Proboscis Extension Response (PER) Equipment
We have a robot that automates the PER process: it can rotate through 24 bees, present them with an odor, reward, or punishment, and photograph the proboscis extension response. See (Shafir, 2008) that describes this instrument. We also have a semi-automatic PER station.
Honey Extraction Room
We extract our own excellent honey twice a year!
This is a room in which bees are allowed to fly freely within a controlled environment. Temperature, humidity, and light cycles can be regulated.
A lab room with windows is attached to a large tent for free-flying bees. Experiments in the observation room may involve temperature controlled observation hives inside the lab, while bees are allowed to exit the hive into a large, controlled foraging arena.
Outdoor Tent Houses
Medium sized tents allow hives to be fed a controlled diet while still providing them with space to fly and natural weather conditions.
We keep many hives in the experimental and educational apiary located at our lab, as well as on the farm of the Faculty of Agriculture.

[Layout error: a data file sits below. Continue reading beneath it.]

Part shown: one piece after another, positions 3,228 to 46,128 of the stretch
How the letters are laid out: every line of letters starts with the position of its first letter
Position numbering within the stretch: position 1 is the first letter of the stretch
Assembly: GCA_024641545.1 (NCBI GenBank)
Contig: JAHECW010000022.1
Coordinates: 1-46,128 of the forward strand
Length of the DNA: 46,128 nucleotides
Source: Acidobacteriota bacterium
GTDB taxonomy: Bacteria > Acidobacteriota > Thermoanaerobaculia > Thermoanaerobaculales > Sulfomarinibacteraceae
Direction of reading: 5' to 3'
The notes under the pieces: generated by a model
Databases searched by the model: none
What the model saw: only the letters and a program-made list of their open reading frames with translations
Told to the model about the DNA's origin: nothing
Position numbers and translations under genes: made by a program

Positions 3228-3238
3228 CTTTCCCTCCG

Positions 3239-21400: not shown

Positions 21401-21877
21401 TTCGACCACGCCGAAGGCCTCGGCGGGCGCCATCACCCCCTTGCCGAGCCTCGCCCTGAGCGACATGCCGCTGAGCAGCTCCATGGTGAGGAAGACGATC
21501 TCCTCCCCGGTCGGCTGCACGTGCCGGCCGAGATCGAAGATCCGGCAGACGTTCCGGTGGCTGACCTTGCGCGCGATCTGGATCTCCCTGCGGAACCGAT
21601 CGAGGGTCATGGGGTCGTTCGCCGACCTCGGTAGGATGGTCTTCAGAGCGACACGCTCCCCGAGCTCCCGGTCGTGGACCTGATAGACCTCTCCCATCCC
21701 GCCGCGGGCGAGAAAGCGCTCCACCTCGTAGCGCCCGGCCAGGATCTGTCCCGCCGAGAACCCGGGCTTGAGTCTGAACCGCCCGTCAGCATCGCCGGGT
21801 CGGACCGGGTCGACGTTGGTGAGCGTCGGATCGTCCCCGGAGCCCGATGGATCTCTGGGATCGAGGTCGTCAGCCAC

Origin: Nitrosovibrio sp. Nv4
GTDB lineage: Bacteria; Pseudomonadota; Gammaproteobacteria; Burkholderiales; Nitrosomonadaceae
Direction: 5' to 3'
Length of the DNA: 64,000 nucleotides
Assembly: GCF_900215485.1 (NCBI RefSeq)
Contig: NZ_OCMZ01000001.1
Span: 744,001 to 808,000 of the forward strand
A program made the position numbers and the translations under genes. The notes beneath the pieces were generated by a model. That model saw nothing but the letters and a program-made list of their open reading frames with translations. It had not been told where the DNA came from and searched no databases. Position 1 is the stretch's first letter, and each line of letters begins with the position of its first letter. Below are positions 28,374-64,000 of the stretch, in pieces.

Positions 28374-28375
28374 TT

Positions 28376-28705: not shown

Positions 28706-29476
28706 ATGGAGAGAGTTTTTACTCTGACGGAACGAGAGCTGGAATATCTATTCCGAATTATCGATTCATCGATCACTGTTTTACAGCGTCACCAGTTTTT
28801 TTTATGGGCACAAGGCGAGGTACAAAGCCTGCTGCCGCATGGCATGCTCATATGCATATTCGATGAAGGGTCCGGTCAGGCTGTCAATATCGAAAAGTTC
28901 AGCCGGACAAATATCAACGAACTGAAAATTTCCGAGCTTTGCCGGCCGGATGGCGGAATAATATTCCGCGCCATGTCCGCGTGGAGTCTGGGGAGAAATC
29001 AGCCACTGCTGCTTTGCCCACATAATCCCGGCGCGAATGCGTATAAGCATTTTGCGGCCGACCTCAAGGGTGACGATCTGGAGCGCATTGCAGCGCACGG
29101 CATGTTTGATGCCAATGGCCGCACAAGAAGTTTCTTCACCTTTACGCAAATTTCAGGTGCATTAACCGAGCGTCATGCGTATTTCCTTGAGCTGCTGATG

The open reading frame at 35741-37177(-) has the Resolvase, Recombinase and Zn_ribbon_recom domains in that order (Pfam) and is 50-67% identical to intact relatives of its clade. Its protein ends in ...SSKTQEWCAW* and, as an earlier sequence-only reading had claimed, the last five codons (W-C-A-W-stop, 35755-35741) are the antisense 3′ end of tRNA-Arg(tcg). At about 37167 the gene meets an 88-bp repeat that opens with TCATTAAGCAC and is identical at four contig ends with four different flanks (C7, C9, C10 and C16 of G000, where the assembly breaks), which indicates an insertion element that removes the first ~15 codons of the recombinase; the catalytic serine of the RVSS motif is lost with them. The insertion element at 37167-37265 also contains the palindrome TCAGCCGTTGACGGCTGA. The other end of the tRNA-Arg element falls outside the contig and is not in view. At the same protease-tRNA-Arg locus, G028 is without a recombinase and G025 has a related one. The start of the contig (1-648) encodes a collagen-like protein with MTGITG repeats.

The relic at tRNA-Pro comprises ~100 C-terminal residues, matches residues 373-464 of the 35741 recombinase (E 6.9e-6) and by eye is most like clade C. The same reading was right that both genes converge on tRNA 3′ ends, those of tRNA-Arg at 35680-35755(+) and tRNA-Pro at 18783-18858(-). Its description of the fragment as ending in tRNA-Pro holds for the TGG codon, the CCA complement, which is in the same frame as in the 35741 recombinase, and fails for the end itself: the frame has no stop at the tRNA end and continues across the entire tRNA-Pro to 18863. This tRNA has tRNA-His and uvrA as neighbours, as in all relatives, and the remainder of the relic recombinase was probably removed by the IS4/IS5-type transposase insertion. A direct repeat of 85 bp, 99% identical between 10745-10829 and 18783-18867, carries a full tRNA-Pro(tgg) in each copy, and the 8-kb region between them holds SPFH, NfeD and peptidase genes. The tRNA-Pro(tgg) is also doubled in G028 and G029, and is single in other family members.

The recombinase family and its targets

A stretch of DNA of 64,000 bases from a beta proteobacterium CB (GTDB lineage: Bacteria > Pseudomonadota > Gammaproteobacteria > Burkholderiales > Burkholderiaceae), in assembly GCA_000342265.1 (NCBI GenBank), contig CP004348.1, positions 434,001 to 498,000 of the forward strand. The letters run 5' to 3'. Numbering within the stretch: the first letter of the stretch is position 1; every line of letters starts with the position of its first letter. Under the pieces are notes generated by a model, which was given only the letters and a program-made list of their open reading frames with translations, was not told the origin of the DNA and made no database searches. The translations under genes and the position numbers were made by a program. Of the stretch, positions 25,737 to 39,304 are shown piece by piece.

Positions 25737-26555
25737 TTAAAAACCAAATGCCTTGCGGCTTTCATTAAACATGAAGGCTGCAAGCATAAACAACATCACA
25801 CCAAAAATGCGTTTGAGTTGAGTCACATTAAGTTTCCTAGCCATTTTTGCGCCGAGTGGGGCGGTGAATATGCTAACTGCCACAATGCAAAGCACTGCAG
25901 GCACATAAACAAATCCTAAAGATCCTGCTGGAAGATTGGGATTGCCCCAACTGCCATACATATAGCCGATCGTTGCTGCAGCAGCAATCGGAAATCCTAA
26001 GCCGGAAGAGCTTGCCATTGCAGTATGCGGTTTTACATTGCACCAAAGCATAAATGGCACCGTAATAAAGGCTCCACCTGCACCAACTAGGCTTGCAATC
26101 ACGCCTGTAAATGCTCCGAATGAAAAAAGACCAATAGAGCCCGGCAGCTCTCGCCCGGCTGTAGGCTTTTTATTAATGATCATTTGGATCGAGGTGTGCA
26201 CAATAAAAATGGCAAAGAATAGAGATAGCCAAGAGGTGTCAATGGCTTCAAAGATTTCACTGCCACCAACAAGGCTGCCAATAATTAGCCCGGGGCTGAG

We proudly recycle the organic waste from our lab! We plan to use the resulting soil to grow flowers for the bees in our nectarivorous garden.
Measures the electric output of the antenna to the brain in response to an odor.
Instrumental Insemination of Honey Bee Queens
This apparatus is used to artificially inseminate queens. This method can be used to ensure insemination by specific drones, and to create known crosses between strains of honey bees.
photo credit: Sue Cobey
This instrument is used to produce odors in a precise and controlled environment. Bees are presented with pheromones or other odors in an arena that allows observation of their behavior.
We use this instrument to measure the intensity of light reflected from the surface of flower petals.
We have binocular and dissecting microscopes that connect to a camera to take photos such as those shown on our "Research" page.